Name:   Nabeh Allaham

Job Title: Cash and Voucher Assistance Coordinator, Syrian Arab Red Crescent (SARC)

Where were you deployed?

South Sudan, Juba, into the role of Cash Working Group (CWG) co-lead.

What type of CVA work did you complete as part of the deployment?

During this deployment the role of the CWG co-lead in Juba covered a range of tasks, these included: reviewing key documents (Survival Minimum Expenditure Basket, CWG South Sudan Terms of Reference, Cash for Work Guidelines, and South Sudan Humanitarian Fund proposals); supporting the Financial Service Providers, partners and National Society to understand what their main challenges are in the area of CVA; and working on Financial Service Provider mapping.

What was the area you learnt most about?

The areas I learnt most about and grew my skills in were:

  • Modalities and Delivery Mechanisms selection
  • Partnerships , coordination network 
  • Development of CVA Terms of Reference
  • Cash for Work technical knowledge
  • Strategic Directions setting for CWG
  • Calculation process of S/MEB.

What was a ‘stand out’ moment for you on your deployment?

There were many key moments from this deployment which stood out. One was the opportunity to be more involved in working with the CWG, getting a better idea about the way in which CWGs work, what are the most important factors that should be considered while supporting and building the capacity of a national and international organization, and understanding the role that CWGs can play in enhancing the coordination and harmonization of the national and international CVA levels.

Other key moments have been: gaining an extensive knowledge of the UN environment system and how much it is different to a National Society; learning that best and important skills that a CWG coordinator should have are being able to keep the network between all the humanitarian actors stable and effective; experiencing how to deal and participate in a new, complicated and complex context with all the stockholders; and learning the role that I have to play in supporting, convening and encouraging CVA parties to participate and help in taking the decisions.  

In 2020, the outbreak of COVID-19 in the UK prevented many people from accessing their usual forms of financial support and drove many more into unemployment and severe financial hardship. In line with its mandate, the British Red Cross responded by launching a new emergency cash service: the UK Hardship Fund. The Fund was made possible thanks to a generous donation from a British Red Cross’ partner, Aviva and the Aviva Foundation, with the aim of providing nation-wide, short-term financial assistance to people who are struggling to meet their essential needs.

The Fund offered a tool for British Red Cross and their partner charities to deliver short term direct cash assistance to people, all run through a centralised system at the British Red Cross. Designed for people with complex needs and no income, the Fund offered a one-off payment of £120 or a three-month grant of £360 paid in monthly instalments. As of April 2021, the British Red Cross has distributed £3.1 million in cash grants, supporting 13,016 people.  

When you hear feedback, it is easy to appreciate what a difference £120 can make to someone’s life […]. When you have nothing, no income or other form or assistance, this support can make the difference between whether you eat or not in a given day; the fund targets the most vulnerable people who are unable to access any other form of support.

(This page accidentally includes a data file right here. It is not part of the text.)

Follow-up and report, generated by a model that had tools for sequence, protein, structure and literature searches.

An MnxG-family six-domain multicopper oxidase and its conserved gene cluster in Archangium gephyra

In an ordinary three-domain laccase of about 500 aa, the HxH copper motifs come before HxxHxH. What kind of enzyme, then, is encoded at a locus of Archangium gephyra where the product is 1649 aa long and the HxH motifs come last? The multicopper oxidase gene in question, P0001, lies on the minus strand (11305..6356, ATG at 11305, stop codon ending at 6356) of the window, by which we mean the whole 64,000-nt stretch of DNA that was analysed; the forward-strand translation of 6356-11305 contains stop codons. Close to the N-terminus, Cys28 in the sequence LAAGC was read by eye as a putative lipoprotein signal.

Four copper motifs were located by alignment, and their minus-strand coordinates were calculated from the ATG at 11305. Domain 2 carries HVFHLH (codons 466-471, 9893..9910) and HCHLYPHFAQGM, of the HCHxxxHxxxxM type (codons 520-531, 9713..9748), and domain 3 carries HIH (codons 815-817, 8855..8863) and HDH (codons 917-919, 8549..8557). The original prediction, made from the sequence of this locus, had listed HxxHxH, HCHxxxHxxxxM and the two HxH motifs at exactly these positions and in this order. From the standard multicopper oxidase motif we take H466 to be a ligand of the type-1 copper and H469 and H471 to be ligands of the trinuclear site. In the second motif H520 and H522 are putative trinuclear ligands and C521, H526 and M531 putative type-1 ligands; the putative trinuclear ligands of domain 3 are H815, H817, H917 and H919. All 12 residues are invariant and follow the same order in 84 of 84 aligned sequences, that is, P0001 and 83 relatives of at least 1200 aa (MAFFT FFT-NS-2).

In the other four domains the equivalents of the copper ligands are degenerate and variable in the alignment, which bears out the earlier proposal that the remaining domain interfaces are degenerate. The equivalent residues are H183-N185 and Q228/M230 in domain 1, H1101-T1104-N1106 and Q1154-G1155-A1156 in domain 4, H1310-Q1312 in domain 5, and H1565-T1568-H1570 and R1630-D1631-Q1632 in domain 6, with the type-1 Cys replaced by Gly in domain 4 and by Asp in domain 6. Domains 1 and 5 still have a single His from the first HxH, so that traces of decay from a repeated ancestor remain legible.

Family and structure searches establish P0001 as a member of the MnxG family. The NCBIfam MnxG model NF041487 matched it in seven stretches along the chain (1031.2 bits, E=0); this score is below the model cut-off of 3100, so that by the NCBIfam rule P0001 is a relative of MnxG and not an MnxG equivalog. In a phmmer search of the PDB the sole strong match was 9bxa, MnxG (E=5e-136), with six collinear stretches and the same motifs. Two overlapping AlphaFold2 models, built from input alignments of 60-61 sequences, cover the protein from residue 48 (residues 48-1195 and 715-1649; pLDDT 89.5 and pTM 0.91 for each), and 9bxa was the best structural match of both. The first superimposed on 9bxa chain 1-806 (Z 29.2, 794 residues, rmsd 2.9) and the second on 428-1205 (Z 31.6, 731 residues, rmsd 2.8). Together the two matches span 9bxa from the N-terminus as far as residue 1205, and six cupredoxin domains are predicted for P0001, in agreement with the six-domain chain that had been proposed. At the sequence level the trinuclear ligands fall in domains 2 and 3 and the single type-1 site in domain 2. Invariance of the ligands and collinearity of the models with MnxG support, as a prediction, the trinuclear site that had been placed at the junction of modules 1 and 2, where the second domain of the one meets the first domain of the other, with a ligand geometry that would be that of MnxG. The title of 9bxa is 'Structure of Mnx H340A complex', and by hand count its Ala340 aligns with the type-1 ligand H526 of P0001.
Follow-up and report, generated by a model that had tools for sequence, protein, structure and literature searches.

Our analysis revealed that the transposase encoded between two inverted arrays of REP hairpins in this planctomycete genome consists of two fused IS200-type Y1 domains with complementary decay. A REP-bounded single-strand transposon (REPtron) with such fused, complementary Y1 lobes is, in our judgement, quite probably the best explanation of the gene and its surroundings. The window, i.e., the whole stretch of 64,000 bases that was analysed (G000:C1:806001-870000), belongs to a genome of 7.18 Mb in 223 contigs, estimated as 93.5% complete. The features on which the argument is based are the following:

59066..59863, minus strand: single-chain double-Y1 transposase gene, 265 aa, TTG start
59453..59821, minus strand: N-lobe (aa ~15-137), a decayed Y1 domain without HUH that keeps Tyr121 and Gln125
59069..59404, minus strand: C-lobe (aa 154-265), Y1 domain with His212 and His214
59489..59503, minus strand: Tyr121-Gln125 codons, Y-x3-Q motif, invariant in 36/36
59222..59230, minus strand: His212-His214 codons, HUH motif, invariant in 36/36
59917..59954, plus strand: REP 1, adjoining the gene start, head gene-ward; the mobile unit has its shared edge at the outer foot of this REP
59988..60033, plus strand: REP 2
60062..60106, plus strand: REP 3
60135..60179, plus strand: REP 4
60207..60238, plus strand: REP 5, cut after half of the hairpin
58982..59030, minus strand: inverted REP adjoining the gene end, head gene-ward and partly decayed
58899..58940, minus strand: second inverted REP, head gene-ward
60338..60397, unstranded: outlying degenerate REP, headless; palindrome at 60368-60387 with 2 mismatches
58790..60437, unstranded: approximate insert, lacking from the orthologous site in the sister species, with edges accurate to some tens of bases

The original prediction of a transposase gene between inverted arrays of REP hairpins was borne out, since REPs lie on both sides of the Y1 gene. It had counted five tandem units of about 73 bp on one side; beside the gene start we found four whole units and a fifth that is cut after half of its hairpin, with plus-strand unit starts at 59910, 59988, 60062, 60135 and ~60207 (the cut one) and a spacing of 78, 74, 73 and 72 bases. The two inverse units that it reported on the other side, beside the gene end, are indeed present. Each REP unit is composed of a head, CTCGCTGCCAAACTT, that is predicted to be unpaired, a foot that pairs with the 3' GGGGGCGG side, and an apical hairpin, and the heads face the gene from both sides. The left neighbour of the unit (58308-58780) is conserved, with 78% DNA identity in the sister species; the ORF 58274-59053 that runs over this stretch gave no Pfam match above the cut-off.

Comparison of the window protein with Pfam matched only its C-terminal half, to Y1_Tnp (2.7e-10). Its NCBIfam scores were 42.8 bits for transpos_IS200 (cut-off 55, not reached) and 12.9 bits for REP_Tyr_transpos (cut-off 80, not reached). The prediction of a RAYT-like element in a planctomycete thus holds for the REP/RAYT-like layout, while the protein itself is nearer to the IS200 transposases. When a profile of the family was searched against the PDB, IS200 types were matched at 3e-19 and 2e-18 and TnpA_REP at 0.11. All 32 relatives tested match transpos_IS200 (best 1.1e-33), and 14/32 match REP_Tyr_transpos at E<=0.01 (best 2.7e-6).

Alex Ballard

Alex Ballard, the Hardship Fund Programme Manager, has offered his thoughts on the most important components of the Hardship Fund: the role of partnerships and the use of technology.  

How have partnerships helped the British Red Cross to reach the most vulnerable? 

One of the first tasks for the Hardship Fund team was to identify those who most urgently needed financial support: those for whom this Fund represented their only option to meet their needs. This led the team to establish an eligibility criteria that encompassed a no income threshold as well as certain indicators of vulnerability, such as an unstable migration status, deterioration in physical or mental health, or risk of domestic violence. To ensure that they could identify those who met this criteria across the UK, the British Red Cross turned to external organisations who were already working with many of these groups, creating a network of over 300 referral partners. 

Thanks to this network of partners, the Fund was able to reach a larger and broader range of people, reflecting the complex and wide-ranging impact of COVID-19 on financial resilience. The aim of the partnership approach was two-fold: to expand the reach of this Fund, and also to ensure that this short-term cash assistance did not stand on its own, and instead complemented longer-term solutions and casework relationships through these engaged partners.

In engaging with partners, the British Red Cross adopted a national approach through regional teams, who were able to build on their local knowledge and existing networks, as well as develop new, exciting partnerships and connections. Alex explains: “we relied on our regional approach to tap into existing local knowledge, which we were able to do well thanks to the long-term presence of BRC teams and the trust that has been built up through volunteers over many years.